▪    The safest and easiest gliders for dune soaring are the single surface floaters, Fun, Mars 190, Malibu. Double surface intermediate gliders like Sonics and Sting’s may be OK when the wind is stronger but in lighter winds and tight situations they will be much harder to manoeuvre and certainly not recommended for first time dune soaring.
    ▪    The slope of the beach leading up to the dune has a big effect on the dune lift. A constant upward slope is good. If the slope before the dune is flat or downwards, it will reduce the lift significantly.
    ▪    Beach crowds – check out the beach. Make sure your possible flight path and landing is clear of people. Note any poles, garbage bins or signs that might get in your way. Check the tide level and whether it is coming in or out. Check for kite surfers and chat with them about your flight path.
    ▪    Dune care – dunes are easily damaged especially at the front edge. If the vegetation at your launch/ landing is looking worn, move to another section and give it a chance to regenerate. Have your club contact the local land care officer or council and offer assistance in dune care.

    ▪    Wind speeds of 20 knots and over are dangerous, one slip up can result in a serious accident. And anyway, it’s not much fun in that strength and tends to get quite turbulent near the ground especially if there is big surf/swell.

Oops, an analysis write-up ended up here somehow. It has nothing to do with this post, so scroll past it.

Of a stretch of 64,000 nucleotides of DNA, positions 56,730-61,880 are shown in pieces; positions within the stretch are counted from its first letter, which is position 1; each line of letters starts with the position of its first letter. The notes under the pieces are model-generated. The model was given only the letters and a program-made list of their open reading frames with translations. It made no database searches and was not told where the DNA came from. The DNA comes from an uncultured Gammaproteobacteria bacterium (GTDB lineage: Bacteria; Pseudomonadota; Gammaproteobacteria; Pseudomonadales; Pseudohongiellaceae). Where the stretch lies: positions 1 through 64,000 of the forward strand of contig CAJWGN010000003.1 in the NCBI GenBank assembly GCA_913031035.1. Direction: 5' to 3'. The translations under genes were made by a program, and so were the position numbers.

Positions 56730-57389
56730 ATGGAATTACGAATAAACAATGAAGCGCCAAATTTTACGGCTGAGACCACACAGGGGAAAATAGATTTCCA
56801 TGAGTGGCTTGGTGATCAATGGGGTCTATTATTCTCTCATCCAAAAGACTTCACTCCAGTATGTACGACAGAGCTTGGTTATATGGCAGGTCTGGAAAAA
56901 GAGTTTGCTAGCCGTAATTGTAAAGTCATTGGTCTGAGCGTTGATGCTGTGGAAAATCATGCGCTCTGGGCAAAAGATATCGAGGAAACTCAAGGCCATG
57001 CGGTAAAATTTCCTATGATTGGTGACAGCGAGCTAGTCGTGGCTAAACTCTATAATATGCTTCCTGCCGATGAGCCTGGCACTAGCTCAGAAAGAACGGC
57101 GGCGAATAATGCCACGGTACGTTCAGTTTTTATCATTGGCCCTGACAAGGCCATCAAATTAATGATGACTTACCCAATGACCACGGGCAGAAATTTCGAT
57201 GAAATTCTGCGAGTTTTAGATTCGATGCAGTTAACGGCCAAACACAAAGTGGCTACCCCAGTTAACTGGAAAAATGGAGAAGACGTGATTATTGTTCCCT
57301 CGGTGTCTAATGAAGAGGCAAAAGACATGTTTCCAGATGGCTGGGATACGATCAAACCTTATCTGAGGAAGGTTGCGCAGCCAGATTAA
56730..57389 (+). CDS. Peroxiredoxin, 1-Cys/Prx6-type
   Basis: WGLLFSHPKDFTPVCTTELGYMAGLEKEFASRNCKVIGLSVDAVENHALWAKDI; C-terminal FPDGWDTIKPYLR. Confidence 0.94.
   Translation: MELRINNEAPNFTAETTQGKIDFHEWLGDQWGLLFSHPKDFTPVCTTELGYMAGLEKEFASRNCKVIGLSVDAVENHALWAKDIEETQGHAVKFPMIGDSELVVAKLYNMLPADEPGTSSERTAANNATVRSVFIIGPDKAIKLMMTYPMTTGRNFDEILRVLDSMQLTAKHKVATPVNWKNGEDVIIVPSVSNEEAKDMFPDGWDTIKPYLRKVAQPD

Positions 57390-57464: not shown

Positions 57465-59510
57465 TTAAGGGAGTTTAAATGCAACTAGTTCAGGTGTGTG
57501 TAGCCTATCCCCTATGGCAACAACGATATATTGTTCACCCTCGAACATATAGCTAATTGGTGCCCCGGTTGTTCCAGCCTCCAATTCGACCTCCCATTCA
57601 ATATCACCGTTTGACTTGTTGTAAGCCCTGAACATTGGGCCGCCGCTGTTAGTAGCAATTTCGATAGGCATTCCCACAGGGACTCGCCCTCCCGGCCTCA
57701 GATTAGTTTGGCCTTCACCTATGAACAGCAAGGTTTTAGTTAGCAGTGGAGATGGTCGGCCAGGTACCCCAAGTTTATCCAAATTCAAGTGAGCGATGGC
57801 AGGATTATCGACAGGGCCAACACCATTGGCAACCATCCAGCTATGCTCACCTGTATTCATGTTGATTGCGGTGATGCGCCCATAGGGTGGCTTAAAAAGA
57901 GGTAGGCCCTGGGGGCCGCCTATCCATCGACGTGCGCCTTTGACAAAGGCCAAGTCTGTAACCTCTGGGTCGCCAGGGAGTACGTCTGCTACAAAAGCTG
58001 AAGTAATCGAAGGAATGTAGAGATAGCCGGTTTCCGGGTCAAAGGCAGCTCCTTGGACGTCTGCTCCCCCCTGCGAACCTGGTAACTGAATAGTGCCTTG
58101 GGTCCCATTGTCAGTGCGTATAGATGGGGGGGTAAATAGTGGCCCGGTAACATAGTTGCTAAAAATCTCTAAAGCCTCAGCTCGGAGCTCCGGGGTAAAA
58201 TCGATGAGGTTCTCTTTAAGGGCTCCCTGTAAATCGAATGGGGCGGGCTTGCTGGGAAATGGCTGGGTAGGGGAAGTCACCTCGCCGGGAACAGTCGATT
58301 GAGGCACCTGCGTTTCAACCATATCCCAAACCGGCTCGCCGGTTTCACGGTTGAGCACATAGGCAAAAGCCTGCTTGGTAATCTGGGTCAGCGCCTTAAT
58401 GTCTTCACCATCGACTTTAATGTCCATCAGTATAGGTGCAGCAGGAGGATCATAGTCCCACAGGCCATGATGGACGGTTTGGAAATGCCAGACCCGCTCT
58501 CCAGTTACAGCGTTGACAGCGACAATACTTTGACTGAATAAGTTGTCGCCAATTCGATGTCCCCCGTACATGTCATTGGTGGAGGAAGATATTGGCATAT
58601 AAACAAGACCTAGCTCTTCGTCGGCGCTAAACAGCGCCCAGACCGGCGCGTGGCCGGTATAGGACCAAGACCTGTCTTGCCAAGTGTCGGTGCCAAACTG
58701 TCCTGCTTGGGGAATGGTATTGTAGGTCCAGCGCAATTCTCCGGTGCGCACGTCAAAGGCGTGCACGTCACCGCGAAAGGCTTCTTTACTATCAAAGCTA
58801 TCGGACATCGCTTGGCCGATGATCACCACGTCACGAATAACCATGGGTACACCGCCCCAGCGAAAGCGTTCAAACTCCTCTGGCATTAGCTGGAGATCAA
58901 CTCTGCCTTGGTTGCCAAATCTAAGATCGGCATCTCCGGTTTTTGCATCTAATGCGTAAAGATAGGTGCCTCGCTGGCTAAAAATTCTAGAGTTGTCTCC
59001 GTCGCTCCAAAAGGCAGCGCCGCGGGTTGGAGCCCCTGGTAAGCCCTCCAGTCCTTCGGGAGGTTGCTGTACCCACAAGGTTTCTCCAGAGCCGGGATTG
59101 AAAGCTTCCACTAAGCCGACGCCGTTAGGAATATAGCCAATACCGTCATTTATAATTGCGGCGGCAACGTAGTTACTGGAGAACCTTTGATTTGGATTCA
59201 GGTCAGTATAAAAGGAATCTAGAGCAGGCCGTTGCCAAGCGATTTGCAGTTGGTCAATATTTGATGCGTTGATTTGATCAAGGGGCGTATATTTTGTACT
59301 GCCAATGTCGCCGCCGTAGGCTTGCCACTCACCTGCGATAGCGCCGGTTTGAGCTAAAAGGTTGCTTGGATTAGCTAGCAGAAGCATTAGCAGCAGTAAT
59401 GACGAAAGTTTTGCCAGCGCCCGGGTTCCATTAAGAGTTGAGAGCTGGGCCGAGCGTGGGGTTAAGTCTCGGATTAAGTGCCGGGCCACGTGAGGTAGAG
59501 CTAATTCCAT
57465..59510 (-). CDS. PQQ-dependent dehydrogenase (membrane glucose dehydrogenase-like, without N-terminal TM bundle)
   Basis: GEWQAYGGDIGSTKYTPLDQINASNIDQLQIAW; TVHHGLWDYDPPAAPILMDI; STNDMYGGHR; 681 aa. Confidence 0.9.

▪    Many people use a separate harness for dune flying and it may not have a chute. Don’t want to wreck your good harness with all the sand.
    ▪    Wear sunglasses or other protective eye wear. Dunes often have low bush which can cushion exuberant landings, but there can be sharp sticks that could ruin your day.
    ▪    Keep plenty of spare uprights.
    ▪    Dune soaring is an advanced skill that needs to be practiced. Start by just gliding off the dune and work from there. Don’t think that it is a novice sport, it’s easy to make this assumption given that it is low flying on sand dunes. Practise practise practise. Continuous learning is the key.
    ▪    In windy conditions, ground handling is made easier by holding the base bar. It usually is windy for dune flying. BUT be careful not to carry this habit across to light wind launches and high performance gliders.
    ▪    Practice ground handling. Observe how the airflow over different bumps and gullies in the dune can suck you in or push you out.
    ▪    When launching, fly the glider first and worry about getting into the harness later. Do it the other way and you’ll be on the deck. With practice the harness will become automatic.  Fly the glider first.
    ▪    If your legs are dangling, keep them crossed. It helps keep your centre of mass under control and looks better too.
    ▪    Watch the water for wind changes; the gust you need to get launched can be seen coming on the water. Watch for impending direction changes.
    ▪    Experienced dune flying pilots can make it look really easy. If you are just starting, don’t be fooled by their suave and smooth flying. It’s a lot harder than it looks.